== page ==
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POLL - Is this argument valid?

 
Speakpigeon
 
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Speakpigeon
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16 January 2019 03:47
 

This thread is a poll on a logical argument.
Here is the argument:

For all we know, A may be the state of B;
What C does is determined by the state of B;
Therefore, for all we know, what C does may be determined by A.

Is the argument valid?

Please keep to one of the following four answers:

No
Yes
I don’t know
The argument doesn’t make sense

Please, don’t comment if you can’t answer the question asked.
EB

[ Edited: 17 January 2019 05:58 by Speakpigeon]
 
EN
 
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EN
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16 January 2019 08:13
 

Yes.

 
Cheshire Cat
 
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Cheshire Cat
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16 January 2019 14:11
 
Speakpigeon - 16 January 2019 03:47 AM

Please keep to one of the following four answers:

No
Yes
I don’t know
The argument doesn’t make sense

Please, don’t comment if you can’t answer the question asked.
EB

If I reply with, “I don’t know,” isn’t that the same as saying “I can’t answer the question asked,” which also means, according to your instructions, that I shouldn’t comment, even though you give this as a valid reply among your four answers, thus putting this particular answer in a catch-22 situation?

 
 
burt
 
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burt
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16 January 2019 15:11
 
Speakpigeon - 16 January 2019 03:47 AM

This thread is a poll on a logical argument.
Here is the argument:

For all we know, A may be the state of B;
What C does is determined by the state of B;
Therefore, for all we know, what C does may be determined by A.

Is the argument valid?

Please keep to one of the following four answers:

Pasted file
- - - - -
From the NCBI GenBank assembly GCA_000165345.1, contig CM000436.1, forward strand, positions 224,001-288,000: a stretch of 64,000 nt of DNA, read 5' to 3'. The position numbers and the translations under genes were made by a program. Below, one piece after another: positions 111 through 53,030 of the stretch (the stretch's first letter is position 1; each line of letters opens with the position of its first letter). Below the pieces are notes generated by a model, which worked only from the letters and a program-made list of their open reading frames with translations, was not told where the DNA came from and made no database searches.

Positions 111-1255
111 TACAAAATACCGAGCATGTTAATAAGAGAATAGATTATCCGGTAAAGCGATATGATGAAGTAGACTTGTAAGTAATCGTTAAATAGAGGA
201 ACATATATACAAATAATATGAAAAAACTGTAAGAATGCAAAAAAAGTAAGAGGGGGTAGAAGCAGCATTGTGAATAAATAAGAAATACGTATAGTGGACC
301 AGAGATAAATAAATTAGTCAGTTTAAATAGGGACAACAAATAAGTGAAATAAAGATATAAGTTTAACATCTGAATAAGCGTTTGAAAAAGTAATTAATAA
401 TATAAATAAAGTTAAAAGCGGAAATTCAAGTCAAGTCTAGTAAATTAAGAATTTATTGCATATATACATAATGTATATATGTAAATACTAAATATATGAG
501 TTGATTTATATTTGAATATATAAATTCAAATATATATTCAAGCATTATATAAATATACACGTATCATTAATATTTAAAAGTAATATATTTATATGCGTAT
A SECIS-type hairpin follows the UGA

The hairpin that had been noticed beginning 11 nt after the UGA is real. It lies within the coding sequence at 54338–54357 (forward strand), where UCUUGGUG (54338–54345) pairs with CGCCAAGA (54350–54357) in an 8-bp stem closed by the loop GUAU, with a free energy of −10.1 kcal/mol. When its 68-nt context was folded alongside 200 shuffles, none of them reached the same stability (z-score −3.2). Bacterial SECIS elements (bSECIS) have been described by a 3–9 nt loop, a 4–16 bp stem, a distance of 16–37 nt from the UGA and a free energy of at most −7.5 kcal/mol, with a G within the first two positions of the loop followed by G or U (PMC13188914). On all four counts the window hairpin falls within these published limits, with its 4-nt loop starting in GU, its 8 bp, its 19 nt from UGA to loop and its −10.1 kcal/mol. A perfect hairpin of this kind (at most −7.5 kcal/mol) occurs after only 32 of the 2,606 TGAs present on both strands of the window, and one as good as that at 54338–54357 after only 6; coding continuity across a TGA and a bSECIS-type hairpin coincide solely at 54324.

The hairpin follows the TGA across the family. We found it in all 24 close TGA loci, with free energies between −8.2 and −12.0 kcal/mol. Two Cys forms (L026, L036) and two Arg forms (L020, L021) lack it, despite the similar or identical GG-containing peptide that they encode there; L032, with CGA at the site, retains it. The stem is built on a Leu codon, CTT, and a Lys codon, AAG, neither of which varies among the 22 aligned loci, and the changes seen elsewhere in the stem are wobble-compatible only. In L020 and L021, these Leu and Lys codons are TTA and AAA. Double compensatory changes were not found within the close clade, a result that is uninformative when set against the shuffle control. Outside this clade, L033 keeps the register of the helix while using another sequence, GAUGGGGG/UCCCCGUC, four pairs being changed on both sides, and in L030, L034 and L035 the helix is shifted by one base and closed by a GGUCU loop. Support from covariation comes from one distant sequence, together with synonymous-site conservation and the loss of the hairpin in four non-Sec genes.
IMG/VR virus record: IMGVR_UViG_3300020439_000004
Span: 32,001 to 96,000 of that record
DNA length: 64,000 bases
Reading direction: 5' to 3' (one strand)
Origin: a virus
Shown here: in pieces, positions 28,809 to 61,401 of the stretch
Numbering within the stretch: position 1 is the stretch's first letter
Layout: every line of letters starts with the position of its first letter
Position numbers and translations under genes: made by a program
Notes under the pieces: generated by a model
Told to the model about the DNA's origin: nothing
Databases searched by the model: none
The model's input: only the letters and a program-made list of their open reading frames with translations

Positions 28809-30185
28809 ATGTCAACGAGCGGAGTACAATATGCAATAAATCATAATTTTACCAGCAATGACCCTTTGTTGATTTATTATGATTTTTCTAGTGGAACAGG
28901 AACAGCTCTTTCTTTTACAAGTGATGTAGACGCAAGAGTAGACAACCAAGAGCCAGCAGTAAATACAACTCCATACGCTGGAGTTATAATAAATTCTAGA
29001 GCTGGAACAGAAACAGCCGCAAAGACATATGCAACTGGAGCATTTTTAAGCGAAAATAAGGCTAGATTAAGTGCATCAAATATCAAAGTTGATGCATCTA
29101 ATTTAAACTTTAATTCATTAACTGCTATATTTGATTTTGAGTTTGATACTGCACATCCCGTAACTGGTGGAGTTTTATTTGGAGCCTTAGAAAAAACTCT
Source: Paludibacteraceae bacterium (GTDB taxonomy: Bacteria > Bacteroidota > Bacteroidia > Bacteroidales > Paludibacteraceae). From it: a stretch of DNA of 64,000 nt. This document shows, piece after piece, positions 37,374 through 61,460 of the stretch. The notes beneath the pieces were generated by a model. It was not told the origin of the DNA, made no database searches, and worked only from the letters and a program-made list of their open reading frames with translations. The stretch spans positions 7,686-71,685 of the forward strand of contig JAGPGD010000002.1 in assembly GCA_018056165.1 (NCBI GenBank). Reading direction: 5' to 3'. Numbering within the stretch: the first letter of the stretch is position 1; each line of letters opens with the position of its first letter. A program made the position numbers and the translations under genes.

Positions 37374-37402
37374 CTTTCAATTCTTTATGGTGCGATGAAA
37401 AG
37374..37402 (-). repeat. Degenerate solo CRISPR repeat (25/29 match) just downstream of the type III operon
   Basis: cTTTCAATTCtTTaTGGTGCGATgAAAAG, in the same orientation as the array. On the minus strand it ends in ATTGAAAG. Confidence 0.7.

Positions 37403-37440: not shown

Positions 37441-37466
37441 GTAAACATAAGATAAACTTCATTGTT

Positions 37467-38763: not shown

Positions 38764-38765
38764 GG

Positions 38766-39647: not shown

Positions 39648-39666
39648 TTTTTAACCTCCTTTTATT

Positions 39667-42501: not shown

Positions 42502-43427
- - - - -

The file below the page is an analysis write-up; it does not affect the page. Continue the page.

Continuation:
No
Yes
I don’t know
The argument doesn’t make sense

Please, don’t comment if you can’t answer the question asked.
EB

 

Valid

The “for all we know” is irrelevant because of the word “may,” which implies the “for all we know.” That is, there is no difference between:
For all we know, A is a state of B
A may be a state of B

The argument can be more precisely phrased as:

S(B) = state of B
In some possible worlds A = S(B)
In all possible worlds S(B)—> C
Therefore in some possible worlds A—> C

Here the “for all we know” and the “may” are subsumed under extension into possible worlds so that the probabilistic aspects can be covered, although the space of possible worlds in likely too vast to allow quantification. This is a less inclusive version of the earlier set of statements in which it is not explicit that the same group of neurons is being referred to:

Speakpigeon - 23 December 2018 11:39 AM

Thank you to discuss the following argument, its two premises and its validity.

Premise 1 - For all we know, somebody’s conscious mind may be the state of a group of neurons in this person’s brain;
Premise 2 - What somebody does is determined by the state of a group of neurons in this person’s brain;
Conclusion - Therefore, for all we know, what somebody does may be determined by the conscious mind of this person.
EB

Thank you to restrict yourself to facts and logic.
EB

 
Speakpigeon
 
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Speakpigeon
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17 January 2019 02:02
 
Cheshire Cat - 16 January 2019 02:11 PM
Speakpigeon - 16 January 2019 03:47 AM

Please keep to one of the following four answers:

No
Yes
I don’t know
The argument doesn’t make sense

Please, don’t comment if you can’t answer the question asked.
EB

If I reply with, “I don’t know,” isn’t that the same as saying “I can’t answer the question asked,” which also means, according to your instructions, that I shouldn’t comment, even though you give this as a valid reply among your four answers, thus putting this particular answer in a catch-22 situation?

That’s an interesting point but I have no doubt you’re wrong. You can answer the question asked by replying “I don’t know”.
Also, a poll isn’t in itself an argument, let alone a logical argument, let alone a formal logical argument.
And more importantly here, your comment is a derail. The subject of this thread is the argument I posted, not some paradox about polls. If you’re interested in that particular issue, please start your own thread on this.
But first, please answer the question asked and refrain from commenting before you do.
EB

 
Speakpigeon
 
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17 January 2019 02:36